The product should not prove harmful to the public at large. The principal of mutual recognition states that products should be allowed to move freely in the member states.
In a similar case, namely Commission v UK the UK government in response to the lobbying of poultry producers banned the import of poultry products. The reason given by the UK Government for this ban was that such imports were against the public policy, in as much as these imports could result in the poultry disease infecting the domestic fowls. The European Court of Justice held that this was unjustified because there were several other options available to the United Kingdom Government that were less restrictive in nature.
Hence, the principle of mutual recognition reiterates the fact that a product that was produced and sold as per EU Regulations and Standards in other member states cannot be rejected. Since, the investigations were held on the product by the EC Commission for nine months, the quality of the product cannot be suspected by any member state. Moreover, the product had been imported by the other member states subsequent to the removal of the ban by the EC. Thus, the Netherlands is well within its rights in lodging a complaint with the Commission regarding the infringement of EC Law by the United Kingdom.
1. Bernard, “Sunday Trading: A Drama in Five Acts”, (1994), 57 MLR 449.
2. C-178/84, Commission v. Federal Republic of Germany, 1987 E.C.R. 1227,  1 C.M.L.R. 780.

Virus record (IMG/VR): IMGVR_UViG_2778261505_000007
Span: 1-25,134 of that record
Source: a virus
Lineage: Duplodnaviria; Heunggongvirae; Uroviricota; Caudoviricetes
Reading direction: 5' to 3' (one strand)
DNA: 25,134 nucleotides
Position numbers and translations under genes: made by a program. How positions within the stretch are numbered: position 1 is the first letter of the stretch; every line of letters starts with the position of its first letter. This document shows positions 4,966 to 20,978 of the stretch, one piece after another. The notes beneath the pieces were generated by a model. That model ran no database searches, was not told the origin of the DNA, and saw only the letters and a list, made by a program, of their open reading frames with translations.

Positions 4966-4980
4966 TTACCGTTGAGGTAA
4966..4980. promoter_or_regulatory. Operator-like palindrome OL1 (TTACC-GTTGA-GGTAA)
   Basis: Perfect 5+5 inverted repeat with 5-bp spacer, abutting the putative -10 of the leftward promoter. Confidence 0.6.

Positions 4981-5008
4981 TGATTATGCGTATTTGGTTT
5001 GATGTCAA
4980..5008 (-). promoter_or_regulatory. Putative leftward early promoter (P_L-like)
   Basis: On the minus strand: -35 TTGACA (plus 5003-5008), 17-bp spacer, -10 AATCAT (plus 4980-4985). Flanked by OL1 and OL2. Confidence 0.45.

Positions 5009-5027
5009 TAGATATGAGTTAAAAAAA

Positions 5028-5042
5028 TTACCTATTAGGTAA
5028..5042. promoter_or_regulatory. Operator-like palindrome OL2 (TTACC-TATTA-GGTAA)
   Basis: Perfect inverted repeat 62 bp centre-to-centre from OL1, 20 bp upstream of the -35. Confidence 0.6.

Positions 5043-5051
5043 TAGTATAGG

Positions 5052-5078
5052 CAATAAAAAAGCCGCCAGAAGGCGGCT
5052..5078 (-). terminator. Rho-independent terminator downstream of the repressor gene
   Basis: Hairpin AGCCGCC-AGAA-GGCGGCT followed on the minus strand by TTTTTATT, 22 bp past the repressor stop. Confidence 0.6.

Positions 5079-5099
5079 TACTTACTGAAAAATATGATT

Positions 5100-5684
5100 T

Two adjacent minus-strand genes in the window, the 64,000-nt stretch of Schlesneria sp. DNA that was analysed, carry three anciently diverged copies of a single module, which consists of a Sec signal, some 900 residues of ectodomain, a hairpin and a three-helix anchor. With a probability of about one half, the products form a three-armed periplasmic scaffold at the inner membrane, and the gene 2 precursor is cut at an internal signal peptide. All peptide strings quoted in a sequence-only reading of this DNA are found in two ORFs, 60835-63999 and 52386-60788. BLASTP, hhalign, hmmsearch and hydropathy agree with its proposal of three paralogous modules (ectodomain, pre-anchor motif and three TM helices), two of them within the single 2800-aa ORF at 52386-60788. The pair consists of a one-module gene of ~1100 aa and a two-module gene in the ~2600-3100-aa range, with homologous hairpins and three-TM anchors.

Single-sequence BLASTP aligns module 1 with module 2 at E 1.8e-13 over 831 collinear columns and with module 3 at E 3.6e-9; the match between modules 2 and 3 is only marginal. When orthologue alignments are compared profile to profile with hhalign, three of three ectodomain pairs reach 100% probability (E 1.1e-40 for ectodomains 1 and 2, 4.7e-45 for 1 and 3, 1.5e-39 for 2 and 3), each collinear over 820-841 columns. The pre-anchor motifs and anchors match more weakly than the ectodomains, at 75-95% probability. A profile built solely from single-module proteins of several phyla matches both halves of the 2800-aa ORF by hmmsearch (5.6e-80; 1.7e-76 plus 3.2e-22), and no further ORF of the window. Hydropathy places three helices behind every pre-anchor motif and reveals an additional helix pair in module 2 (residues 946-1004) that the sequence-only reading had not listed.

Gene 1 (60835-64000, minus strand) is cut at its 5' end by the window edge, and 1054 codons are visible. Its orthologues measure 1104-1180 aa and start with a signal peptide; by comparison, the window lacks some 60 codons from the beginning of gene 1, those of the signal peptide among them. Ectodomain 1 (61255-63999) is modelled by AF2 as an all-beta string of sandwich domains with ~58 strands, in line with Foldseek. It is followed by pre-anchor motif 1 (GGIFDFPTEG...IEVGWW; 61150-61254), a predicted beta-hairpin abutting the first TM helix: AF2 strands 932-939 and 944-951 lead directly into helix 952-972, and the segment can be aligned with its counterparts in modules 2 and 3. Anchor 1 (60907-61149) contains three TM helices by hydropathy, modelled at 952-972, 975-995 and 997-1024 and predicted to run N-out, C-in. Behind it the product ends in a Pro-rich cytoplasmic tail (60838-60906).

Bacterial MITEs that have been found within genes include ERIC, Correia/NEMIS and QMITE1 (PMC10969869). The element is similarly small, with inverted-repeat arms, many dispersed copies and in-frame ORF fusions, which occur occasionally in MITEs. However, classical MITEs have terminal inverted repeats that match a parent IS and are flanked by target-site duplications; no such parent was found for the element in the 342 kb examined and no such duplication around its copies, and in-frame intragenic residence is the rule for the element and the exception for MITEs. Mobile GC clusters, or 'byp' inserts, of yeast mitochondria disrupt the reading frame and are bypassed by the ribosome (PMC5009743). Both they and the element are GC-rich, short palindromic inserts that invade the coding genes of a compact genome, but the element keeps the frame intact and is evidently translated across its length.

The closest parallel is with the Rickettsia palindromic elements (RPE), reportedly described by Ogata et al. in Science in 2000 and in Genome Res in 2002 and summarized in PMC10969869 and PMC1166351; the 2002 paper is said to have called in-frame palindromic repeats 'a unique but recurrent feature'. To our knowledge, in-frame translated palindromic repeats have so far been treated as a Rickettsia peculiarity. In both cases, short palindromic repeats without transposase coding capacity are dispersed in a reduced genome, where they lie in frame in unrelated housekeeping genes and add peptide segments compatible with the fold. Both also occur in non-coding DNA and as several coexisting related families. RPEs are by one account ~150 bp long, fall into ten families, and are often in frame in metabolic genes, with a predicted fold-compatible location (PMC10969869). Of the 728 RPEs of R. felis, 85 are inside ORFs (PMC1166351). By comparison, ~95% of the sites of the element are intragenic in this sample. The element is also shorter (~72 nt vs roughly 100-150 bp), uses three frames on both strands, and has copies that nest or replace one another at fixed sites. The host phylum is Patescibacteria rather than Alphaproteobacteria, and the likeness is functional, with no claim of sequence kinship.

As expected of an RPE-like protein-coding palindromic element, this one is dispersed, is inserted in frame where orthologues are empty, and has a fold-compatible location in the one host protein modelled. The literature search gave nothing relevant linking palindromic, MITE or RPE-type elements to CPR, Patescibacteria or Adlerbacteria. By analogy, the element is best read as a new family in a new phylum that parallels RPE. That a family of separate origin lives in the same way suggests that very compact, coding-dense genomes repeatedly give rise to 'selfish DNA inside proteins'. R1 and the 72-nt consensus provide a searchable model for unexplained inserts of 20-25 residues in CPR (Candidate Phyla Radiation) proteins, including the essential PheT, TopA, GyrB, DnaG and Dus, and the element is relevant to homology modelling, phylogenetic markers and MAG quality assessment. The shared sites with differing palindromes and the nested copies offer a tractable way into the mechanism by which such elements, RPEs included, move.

3. C – 40/82. Commission v UK.
4. C – 7/68. Commission v Italy (Re Export tax on Art Treasures).
5. C – 170/78. Commission v UK (Re excise duty on wine).
6. C – 420/01. Commission of the European Communities v. Italian Republic (2003) ECR I-6445.
7. C – 476/98. Commission v. Germany.
8. C – 8/74. Procureur du Roi v. Benoit and Gustave Dassonvile.
9. C – 120/78 Rewe – Zentral (Cassis de Dijon).
10. C – 189/95 Franzein.
11. C – 302/86 Commission v. Denmark (Re Returnable Containers Case).
12. C – 122/02. Commission v. Belgium.
13. Case C-66/04 United Kingdom v. European Parliament and Council (2005) ECR I-10553.
14. Directive 2001/95/EC Treaty.
15. German Sausages case.
16. Keck & Mithouard, Joined Cases C-267 & 268/91, (1993) ECRI-6097.
17. Schreib, David. Different national product requirements are one of the main obstacles to the free movement of goods in the EU. Retrieved from http://www.mpo.cz/dokument12653.html
 Schreib, David. Different national product requirements are one of the main obstacles to the free movement of goods in the EU. Retrieved from http://www.mpo.cz/dokument12653.html
 Bernard, “Sunday Trading: A Drama in Five Acts”, (1994), 57 MLR 449
 Keck & Mithouard, Joined Cases C-267 & 268/91, (1993) ECRI-6097
 Case C-66/04 United Kingdom v. European Parliament and Council
 C – 420/01.
 C – 476/98.
 C – 122/02.
 C – 8/74.
 C – 120/78.
 C – 189/95.
 C – 302/86.
 C – 170/78.
 C – 7/68.
 Directive 2001/95/EC.
 C – 40/82.